Westbrook School Committee member Suzanne Joyce has notified the city that she intends to file a lawsuit claiming she was wrongfully charged with hindering a criminal case against a school employee.

Joyce was charged last year with hindering the apprehension or prosecution of Dereck Gilman, who was a special-education technician at Westbrook Middle School before he was accused of engaging in sexual acts with a 17-year-old student.

Charges against Joyce were dismissed in September. Charges against Gilman also were dismissed last fall, as part of a plea agreement.

In a notice of claim sent to the city on Feb. 25, Joyce’s attorney, Gary Goldberg, said Joyce intends to bring action against the city and Westbrook Police Officer Ryan Close, who investigated Gilman. A notice of claim is a first legal step toward a lawsuit against a city or town.

City officials released a statement Monday saying they are confident that the matter will be resolved in favor of the city and the police department.

“This is yet another unfortunate twist in a tragic tale that has a member of our school committee casting a long shadow over the schools and now calling the integrity of one of our fine officers and our superb police agency into question,” said Assistant City Administrator William Baker in the statement.


During his investigation, Close provided information to the district attorney alleging that witnesses said Joyce had intimidated or otherwise caused them to become uncooperative with the investigation, according to the claim. As a result, Joyce was indicted by a grand jury.

Before the charges were dismissed, Joyce was accused of obstructing Gilman’s prosecution by having contact with another special-education teacher before Gilman resigned.

The notice of claim alleges that Close acted without probable cause and with malice when he pursued criminal action against Joyce.

“Officer Close knew, or should have known, that these statements and allegations that Suzanne Joyce had hindered the prosecution or apprehension of Dereck Gilman were false,” Goldberg wrote.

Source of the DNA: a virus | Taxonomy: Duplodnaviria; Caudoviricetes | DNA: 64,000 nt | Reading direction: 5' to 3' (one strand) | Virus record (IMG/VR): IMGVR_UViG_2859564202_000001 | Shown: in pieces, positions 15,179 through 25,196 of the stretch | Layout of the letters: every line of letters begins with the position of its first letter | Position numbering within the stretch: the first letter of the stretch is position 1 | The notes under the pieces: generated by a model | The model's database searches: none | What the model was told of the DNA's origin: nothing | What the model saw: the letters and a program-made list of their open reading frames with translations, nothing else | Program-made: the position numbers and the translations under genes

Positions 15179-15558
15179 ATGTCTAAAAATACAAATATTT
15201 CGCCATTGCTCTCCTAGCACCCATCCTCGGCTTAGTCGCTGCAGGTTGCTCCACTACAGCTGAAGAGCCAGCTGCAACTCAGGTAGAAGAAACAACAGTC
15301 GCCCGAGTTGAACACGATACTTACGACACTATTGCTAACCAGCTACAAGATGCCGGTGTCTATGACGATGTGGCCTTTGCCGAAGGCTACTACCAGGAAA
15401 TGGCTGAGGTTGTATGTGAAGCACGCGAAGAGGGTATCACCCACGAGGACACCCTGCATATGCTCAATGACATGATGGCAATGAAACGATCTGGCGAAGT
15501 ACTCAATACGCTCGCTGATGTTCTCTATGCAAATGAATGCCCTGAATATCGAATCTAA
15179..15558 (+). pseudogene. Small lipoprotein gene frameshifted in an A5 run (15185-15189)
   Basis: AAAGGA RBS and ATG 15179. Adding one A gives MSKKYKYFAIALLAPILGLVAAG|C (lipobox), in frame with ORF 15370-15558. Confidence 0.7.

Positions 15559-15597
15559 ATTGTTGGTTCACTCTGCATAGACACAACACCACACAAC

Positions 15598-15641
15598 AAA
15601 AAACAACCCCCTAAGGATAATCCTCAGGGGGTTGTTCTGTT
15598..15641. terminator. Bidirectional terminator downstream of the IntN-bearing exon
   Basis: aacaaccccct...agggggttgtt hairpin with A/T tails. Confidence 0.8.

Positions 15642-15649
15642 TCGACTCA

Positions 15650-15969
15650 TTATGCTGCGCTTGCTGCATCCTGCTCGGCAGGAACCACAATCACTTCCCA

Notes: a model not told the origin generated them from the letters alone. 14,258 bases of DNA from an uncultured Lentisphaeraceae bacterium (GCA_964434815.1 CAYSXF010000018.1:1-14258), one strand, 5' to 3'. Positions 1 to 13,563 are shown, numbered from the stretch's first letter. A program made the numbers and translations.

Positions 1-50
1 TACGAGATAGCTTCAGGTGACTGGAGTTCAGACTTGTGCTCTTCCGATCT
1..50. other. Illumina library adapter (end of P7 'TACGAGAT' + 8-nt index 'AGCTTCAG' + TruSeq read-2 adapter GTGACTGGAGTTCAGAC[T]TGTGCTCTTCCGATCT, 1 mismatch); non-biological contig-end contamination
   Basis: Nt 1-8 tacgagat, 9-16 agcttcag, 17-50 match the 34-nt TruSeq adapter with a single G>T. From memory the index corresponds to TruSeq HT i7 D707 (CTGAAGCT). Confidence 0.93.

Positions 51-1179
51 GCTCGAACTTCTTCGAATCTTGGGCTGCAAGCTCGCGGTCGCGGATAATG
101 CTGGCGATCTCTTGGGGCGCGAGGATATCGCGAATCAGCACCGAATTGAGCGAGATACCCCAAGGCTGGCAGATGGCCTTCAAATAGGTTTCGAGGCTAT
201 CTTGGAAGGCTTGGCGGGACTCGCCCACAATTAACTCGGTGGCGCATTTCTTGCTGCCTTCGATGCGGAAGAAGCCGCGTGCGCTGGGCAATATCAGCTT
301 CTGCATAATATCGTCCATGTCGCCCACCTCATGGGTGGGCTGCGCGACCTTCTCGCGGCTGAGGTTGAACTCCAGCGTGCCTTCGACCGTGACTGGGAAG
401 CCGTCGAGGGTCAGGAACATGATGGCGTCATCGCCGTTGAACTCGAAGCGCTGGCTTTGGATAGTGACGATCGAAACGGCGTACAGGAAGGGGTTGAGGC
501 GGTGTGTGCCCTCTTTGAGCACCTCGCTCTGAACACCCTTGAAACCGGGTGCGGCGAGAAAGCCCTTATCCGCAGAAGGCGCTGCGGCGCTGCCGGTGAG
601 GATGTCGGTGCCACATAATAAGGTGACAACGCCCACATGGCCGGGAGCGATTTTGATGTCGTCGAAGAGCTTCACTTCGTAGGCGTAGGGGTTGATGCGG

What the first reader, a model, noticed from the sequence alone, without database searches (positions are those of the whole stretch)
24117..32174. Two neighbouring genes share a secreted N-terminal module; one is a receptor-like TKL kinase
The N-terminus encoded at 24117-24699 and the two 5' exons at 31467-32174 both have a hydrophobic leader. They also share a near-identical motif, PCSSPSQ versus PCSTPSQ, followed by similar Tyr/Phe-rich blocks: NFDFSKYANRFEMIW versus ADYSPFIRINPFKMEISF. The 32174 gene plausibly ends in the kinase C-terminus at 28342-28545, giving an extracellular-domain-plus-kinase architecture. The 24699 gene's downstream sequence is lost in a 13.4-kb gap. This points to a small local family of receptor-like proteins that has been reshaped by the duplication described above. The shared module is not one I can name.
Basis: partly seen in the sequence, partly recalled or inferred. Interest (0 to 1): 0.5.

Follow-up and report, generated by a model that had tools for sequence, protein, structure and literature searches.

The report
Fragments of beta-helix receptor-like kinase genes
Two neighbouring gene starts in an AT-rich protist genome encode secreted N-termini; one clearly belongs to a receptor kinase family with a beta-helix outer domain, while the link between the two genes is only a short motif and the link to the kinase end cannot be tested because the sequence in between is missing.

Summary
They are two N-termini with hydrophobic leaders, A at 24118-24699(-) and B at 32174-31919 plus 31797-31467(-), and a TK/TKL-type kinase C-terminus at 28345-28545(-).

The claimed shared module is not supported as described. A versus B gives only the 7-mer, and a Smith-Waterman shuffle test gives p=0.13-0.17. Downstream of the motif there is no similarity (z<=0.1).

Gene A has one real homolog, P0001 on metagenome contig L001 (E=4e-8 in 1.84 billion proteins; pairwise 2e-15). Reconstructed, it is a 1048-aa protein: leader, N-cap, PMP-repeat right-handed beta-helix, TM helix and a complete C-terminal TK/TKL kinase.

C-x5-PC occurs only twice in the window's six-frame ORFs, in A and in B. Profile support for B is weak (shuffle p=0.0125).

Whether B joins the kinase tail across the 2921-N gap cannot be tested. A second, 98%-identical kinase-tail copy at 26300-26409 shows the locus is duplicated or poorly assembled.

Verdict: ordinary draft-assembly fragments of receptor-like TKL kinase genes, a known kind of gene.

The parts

Joyce is seeking $400,000 in damages.

“As a consequence of the wrongful indictment and prosecution, Suzanne Joyce has sustained damages to her reputation in the community, emotional distress and pecuniary loss including, but not limited to, loss of business and business opportunities and the cost of legal fees associated with defense against the criminal charges,” Goldberg wrote in the claim.


Baker, the Westbrook official, said it was the Cumberland County District Attorney’s Office that sought an indictment against Joyce.

“We are confident that both the police and the DA’s office acted in accordance with the evidence and the law,” Baker said. “Dismissals of grand jury indictments happen often as witnesses change their stories or victims of crime recant under duress, neither of which is a reflection on the innocence of the person indicted by a jury of their peers.”

Baker said the city is looking forward to settling the issue in court.

“The decision to file a lawsuit strikes us as a poor choice by the plaintiff for a number of reasons, not the least of which is the fact that the discovery tools in this civil process will most certainly shed light on the motive and behavior of the plaintiff and will clear up many questions about the case, which in the context of the criminal case have gone unanswered,” Baker said.

Baker said city officials will have no further comment on the lawsuit.

Gilman, who no longer works for the school district, was indicted on charges of unlawful sexual touching and sexual abuse of a child. He was accused of engaging in sexual acts with a 17-year-old student from May 1, 2012, to Jan. 30, 2013, while he worked for the district.

Prosecutors dismissed the charges last fall as part of a plea agreement that required him to pay a $35 fee.

Gillian Graham can be contacted at 791-6315 or at:ggraham@pressherald.comTwitter: grahamgilliangrahamgillian

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